We’ve all been there:
Lying in bed, tossing from side to side, trying to shut our thoughts out, and failing. Minutes turn to hours, and, before we know it, morning has come, and we’ve barely gotten any sleep.
Just as we feel ourselves drifting away, the alarm clock cuts through the silence, forcing us to get out of bed and face the day.
What follows is rarely pleasurable because let’s face it:
Not getting enough sleep is terrible. We feel tired, irritable, unmotivated, and unproductive.
The good news is that we can employ some tactics to improve our sleep and quality of life.
1. Optimize Your Sleeping Environment
While most people rarely think about it, our sleep environment plays a massive role in our ability to fall asleep easily and get enough deep rest.
Specifically, you need to be mindful of the:
- Cool - research shows that we tend to sleep best at temperatures between 65 and 70 degrees F (18-21 degrees C).
- Dark - a good set of blackout curtains can help.
- Quiet - keep your window closed during the night. If that’s not possible, you might want to invest in a pair of earplugs.
- Comfortable - it’s good to invest a bit of money in a quality mattress and pillows that support your body and allow you to sleep well.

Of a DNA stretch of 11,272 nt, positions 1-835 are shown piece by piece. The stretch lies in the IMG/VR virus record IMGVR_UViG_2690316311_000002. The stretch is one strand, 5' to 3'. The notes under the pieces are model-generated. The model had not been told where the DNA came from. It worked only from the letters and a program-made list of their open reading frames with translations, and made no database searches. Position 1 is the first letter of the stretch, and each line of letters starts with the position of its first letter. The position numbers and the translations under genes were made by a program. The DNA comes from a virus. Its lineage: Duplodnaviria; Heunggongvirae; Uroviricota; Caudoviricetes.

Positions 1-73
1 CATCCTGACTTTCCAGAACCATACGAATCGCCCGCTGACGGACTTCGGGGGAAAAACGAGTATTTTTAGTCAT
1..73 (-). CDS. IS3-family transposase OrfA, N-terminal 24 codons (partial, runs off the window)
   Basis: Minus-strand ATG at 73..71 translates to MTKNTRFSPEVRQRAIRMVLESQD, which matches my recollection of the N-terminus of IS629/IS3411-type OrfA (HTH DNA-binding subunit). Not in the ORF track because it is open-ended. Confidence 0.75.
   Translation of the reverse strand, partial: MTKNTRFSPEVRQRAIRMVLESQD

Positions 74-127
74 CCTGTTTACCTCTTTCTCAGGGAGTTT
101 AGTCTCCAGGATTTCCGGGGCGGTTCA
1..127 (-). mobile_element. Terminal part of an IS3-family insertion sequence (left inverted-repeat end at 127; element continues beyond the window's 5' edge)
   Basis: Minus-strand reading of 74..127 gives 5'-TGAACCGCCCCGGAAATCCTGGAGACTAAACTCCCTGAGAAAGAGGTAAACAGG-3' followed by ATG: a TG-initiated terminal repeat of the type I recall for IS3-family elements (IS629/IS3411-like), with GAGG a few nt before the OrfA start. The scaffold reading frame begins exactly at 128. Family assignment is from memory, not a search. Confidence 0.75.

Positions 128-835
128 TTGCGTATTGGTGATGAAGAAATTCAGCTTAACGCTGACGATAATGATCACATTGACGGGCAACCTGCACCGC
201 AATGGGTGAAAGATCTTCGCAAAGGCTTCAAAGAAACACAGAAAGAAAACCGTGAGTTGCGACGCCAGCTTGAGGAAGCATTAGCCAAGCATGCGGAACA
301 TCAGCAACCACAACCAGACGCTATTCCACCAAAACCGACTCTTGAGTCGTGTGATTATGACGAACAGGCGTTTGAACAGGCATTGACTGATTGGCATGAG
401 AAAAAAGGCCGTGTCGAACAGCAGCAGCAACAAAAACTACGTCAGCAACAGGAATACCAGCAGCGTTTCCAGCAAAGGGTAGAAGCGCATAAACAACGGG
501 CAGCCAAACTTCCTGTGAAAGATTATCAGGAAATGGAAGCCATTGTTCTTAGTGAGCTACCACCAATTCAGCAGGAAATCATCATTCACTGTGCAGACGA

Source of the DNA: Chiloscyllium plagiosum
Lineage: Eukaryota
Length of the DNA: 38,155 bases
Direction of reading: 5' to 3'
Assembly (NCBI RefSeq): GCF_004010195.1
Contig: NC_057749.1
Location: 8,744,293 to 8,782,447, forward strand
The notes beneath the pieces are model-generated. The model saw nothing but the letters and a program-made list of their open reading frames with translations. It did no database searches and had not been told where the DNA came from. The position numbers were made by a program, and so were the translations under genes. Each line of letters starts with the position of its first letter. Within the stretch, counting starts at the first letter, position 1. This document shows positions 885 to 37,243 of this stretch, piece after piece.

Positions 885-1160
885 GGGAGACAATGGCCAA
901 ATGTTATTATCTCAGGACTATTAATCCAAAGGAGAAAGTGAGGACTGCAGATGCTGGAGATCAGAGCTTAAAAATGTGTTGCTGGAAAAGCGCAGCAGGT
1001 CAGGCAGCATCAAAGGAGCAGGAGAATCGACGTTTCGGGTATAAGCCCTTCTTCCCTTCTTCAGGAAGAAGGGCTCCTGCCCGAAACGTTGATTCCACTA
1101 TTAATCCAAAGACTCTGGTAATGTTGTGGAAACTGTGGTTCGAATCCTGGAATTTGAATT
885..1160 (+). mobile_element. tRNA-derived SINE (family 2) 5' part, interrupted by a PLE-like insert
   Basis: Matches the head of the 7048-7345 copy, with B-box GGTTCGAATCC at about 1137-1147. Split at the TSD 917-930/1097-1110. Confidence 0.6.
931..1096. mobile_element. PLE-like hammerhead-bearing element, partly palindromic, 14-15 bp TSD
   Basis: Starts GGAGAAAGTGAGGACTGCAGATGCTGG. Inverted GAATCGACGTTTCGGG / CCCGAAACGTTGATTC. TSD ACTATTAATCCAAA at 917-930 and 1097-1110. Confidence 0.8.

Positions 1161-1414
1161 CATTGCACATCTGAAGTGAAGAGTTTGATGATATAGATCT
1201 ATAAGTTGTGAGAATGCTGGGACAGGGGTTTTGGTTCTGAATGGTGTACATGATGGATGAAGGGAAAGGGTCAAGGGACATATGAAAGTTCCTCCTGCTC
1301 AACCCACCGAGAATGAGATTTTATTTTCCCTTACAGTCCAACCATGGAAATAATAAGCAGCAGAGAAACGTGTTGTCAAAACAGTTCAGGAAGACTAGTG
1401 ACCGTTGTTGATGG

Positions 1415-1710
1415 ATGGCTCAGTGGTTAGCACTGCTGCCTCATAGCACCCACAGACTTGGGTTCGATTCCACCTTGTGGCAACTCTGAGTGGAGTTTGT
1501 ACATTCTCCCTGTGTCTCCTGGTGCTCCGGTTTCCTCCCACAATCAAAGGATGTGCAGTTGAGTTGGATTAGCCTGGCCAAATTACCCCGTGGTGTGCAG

- Create a Pre-Bed ‘Power Down’ Routine
How you spend the last hour before bed can play a significant role in your ability to fall asleep. Specifically, you might want to consider a pre-bed ‘power down’ routine that makes you relaxed and gets you in the mindset of sleeping.
Fantastic activities include reading, taking a bath or shower, meditating, journaling, and stretching your muscles. Bundle them together, and you’ll see a significant difference.
- Cut Alcohol And Caffeine Out
While the occasional nightcap might seem like a great way to relax your mind and fall asleep more easily, research disagrees.
According to studies, drinking even small amounts of alcohol shortly before going to bed can disrupt our ability to get enough deep restorative sleep. Sure, we might fall asleep more quickly, but that could come at the expense of sleep quality. So, it’s best to avoid alcohol for at least a couple of hours before going to bed.
Caffeine is also a bad idea if you want to sleep well. Research shows that caffeine has a half-life of around six hours. Meaning, if you ingest 300 mg at 4 PM, you’ll still have some 150 mg coursing through your system around 10 PM. So, it’s best to avoid any caffeine within eight hours of bedtime.
- Follow a Consistent Schedule
Going to bed and waking up at the same time each day is one of the best ways to improve sleep quality and add structure to your days.
By going to bed at the same time, your body naturally begins to associate the specific time with sleep. So, you naturally relax more and typically find it easier to fall asleep. The same goes for waking up:
By doing it at the same time each day, your body naturally becomes more alert come time to get up, which makes it easier for you to tackle each day.
So set a consistent schedule and do your best to follow it every day.
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